Assessing Substitution and Complementary Effects Amongst Crime Typologies

Abstract

This paper aims at assessing how offenders allocate their effort amongst several types of crime. Specifically, complementary and substitution effects are investigated amongst the number of recorded homicides, robberies, extortions and kidnapping, receiving stolen goods, falsity and drug-related crimes. Furthermore, the extent to which crime is detrimental for economic growth is also analysed. The case-study country is Italy, and the time span under analysis is from the first quarter of 1981 to the fourth quarter of 2004. A Vector Error Correction Mechanism (VECM) is employed after having assessed the integration and cointegration status of the variables under investigation. Empirical findings show that, in the long run, an increase in the overall welfare has a negative impact on the most serious crimes. In addition, the long-run elasticities reveal symmetric results in terms of positive and negative relationships amongst types of crime. In the short run, the cross-deterrence elasticities highlight a complementary effect between more serious crimes (i.e. robberies, extortions and kidnapping) and milder crimes (i.e. drug-related crimes and falsity) and a substitution effect amongst all other types of offences. Policy implications are drawn.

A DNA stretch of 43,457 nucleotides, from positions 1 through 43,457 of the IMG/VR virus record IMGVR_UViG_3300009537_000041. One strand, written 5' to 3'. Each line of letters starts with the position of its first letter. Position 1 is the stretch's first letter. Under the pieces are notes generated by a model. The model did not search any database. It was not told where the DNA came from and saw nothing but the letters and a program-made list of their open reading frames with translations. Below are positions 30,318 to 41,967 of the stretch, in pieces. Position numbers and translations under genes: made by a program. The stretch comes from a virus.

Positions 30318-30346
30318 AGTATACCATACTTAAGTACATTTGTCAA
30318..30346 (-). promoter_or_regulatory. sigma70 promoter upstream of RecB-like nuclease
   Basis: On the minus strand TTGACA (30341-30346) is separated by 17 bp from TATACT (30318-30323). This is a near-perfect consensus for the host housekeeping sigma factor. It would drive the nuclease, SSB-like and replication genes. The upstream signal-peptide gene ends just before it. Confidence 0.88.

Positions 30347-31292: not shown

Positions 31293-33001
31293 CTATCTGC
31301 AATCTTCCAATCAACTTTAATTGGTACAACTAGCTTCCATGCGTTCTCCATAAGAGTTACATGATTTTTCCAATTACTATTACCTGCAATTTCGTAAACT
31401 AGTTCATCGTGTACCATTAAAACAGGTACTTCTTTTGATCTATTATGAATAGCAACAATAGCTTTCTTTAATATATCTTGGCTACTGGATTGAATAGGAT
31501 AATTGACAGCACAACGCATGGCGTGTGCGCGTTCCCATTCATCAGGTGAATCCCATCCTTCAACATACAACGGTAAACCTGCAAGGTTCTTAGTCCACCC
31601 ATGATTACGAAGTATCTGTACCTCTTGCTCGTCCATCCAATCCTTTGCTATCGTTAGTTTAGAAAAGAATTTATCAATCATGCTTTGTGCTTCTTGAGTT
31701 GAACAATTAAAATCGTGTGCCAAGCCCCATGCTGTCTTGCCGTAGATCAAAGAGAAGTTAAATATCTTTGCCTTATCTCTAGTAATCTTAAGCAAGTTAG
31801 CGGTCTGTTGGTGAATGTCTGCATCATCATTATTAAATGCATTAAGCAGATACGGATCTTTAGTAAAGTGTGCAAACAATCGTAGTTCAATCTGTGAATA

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Fig. 1
Fig. 2

Notes

  1. 1.

    “Social psychologists and police officers tend to agree that if a window in a building is broken and is left unrepaired, all the rest of the windows will soon be broken. This is as true in nice neighbourhoods as in rundown ones. Window-breaking does not necessarily occur on a large scale because some areas are inhabited by determined window-breakers whereas others are populated by window-lovers; rather, one unrepaired broken window is a signal that no one cares, and so breaking more windows costs nothing.” Wilson and Kelling (2000, p. 2).

  2. 2.

    Solving Eq. (1) by substituting Eq. (2), and given Eqs. (3) and (4), we find:

    $$ {t_a}h\left( {1-{p_a}{q_a}} \right)+{t_b}k\left( {1-{p_b}{q_b}-{p_c}{q_c}} \right)+{t_d}y $$

    Given the perfect linearity of the utility function, we can have only corner equilibria. Comparing the different possible equilibria, it is possible to identify the thresholds of each type of crime specialisation as shown in solutions (5), (6), and (7).

  3. 3.

    Notably, the annual series of Mafia-related homicides and total number of homicides are highly correlated (ρ = 0.975). Precisely, the share of Mafia homicides over the total number ranges between 14 % and 37 % during the 1984–2006 period. It is empirical evidence of the fact that homicides “constitute the main instrument through which [criminal] organisations exert the monopoly of violence” (Pinotti 2012).

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Correspondence to Claudio Detotto.

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Detotto, C., Pulina, M. Assessing Substitution and Complementary Effects Amongst Crime Typologies. Eur J Crim Policy Res 19, 309–332 (2013). https://doi.org/10.1007/s10610-013-9196-4

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Keywords

  • Crime
  • Substitution and complementary effects
  • Enforcement
  • Legal economy
  • Crowding-out effect